Twenty-nine Maidenhead Synagogue members have returned from a fortnight touring China, during which they met Jews who could trace their lineage back to the 12th century, when Jews first arrived from India.
“The old joke about Chinese Jews not looking Jewish is no joke,” reported tour co-leader Rabbi Jonathan Romain.
“Many are totally indistinguishable from the rest of the population. What is remarkable is how they are rediscovering their Judaism in the more liberal atmosphere following the totalitarian period.”
Maidenhead members visited Beijing, Shanghai — which gave refuge to 23,000 Jews during the Holocaust — and Kaifeng, where efforts are being made to restore the ancient synagogue.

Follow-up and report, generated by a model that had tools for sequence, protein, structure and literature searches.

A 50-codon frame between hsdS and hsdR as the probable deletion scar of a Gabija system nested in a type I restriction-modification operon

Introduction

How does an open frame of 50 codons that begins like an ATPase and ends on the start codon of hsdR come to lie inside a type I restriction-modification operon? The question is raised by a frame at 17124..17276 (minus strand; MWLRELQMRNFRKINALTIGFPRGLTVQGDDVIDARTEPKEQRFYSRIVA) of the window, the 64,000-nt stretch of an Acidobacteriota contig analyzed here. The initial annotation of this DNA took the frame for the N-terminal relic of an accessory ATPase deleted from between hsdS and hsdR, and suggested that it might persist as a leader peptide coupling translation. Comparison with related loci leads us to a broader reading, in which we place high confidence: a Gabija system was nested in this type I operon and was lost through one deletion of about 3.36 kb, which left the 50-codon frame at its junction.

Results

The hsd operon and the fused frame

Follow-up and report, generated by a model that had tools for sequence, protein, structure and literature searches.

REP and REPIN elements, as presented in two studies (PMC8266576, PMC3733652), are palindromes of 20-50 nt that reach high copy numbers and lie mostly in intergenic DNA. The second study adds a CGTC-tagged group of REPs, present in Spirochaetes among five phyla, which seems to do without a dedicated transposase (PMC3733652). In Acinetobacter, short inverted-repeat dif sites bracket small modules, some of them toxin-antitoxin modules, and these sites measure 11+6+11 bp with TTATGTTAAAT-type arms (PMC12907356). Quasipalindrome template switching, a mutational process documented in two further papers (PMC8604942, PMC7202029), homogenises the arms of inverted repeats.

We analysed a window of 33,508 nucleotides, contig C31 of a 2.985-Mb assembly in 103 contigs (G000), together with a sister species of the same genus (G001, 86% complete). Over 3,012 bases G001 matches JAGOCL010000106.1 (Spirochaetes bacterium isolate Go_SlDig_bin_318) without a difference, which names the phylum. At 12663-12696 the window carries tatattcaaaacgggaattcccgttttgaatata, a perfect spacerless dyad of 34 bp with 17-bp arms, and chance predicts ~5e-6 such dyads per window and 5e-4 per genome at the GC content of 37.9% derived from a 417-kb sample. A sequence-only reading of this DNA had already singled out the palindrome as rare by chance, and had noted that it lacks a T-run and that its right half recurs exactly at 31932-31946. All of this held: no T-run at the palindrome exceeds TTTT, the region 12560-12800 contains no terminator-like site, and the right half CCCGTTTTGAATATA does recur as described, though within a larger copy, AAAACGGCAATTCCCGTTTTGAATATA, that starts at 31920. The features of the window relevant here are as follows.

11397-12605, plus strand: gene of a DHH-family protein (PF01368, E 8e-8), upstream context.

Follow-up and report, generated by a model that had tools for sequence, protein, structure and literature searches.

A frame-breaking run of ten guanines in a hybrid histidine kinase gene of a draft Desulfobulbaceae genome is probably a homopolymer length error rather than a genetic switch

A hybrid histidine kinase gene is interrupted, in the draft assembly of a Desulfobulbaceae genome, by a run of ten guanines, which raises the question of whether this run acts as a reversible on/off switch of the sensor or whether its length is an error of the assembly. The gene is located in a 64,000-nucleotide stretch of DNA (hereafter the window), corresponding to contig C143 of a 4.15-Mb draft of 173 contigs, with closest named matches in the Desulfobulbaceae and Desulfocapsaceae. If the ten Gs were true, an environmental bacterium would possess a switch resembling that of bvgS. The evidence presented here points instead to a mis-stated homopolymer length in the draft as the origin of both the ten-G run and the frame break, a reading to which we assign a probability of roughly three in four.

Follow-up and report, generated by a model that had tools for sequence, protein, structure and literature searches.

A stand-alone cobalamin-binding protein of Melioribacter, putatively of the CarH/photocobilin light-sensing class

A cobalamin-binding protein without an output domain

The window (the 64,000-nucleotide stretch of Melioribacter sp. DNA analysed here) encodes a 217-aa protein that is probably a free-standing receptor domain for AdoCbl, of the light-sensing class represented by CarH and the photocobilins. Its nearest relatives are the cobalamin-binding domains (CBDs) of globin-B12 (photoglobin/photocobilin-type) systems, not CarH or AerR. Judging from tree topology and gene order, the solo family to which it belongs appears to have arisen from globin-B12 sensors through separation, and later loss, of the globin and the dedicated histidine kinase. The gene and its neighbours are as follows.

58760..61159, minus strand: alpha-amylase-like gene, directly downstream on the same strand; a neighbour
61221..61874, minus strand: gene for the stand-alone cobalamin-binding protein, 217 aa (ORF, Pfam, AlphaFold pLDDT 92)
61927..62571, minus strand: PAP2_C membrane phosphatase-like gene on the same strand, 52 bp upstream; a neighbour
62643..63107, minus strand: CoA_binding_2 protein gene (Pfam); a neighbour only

Rabbi Romain added that there was no historic antipathy towards Jews in China, who had good relations with Israel and were able to make aliyah.
However, as Judaism was not one of the five recognised religions in China, services could not have an assembly of more than 10 people, a law the community was trying to change.
“Having witnessed the rebirth of Soviet Jewry in previous decades, we are now seeing another Jewish phoenix rise from the ashes. The numbers are smaller but the process is just as remarkable.”
The other co-leader was John Dunston, a former headteacher who had conducted school trips to China but never a synagogue one.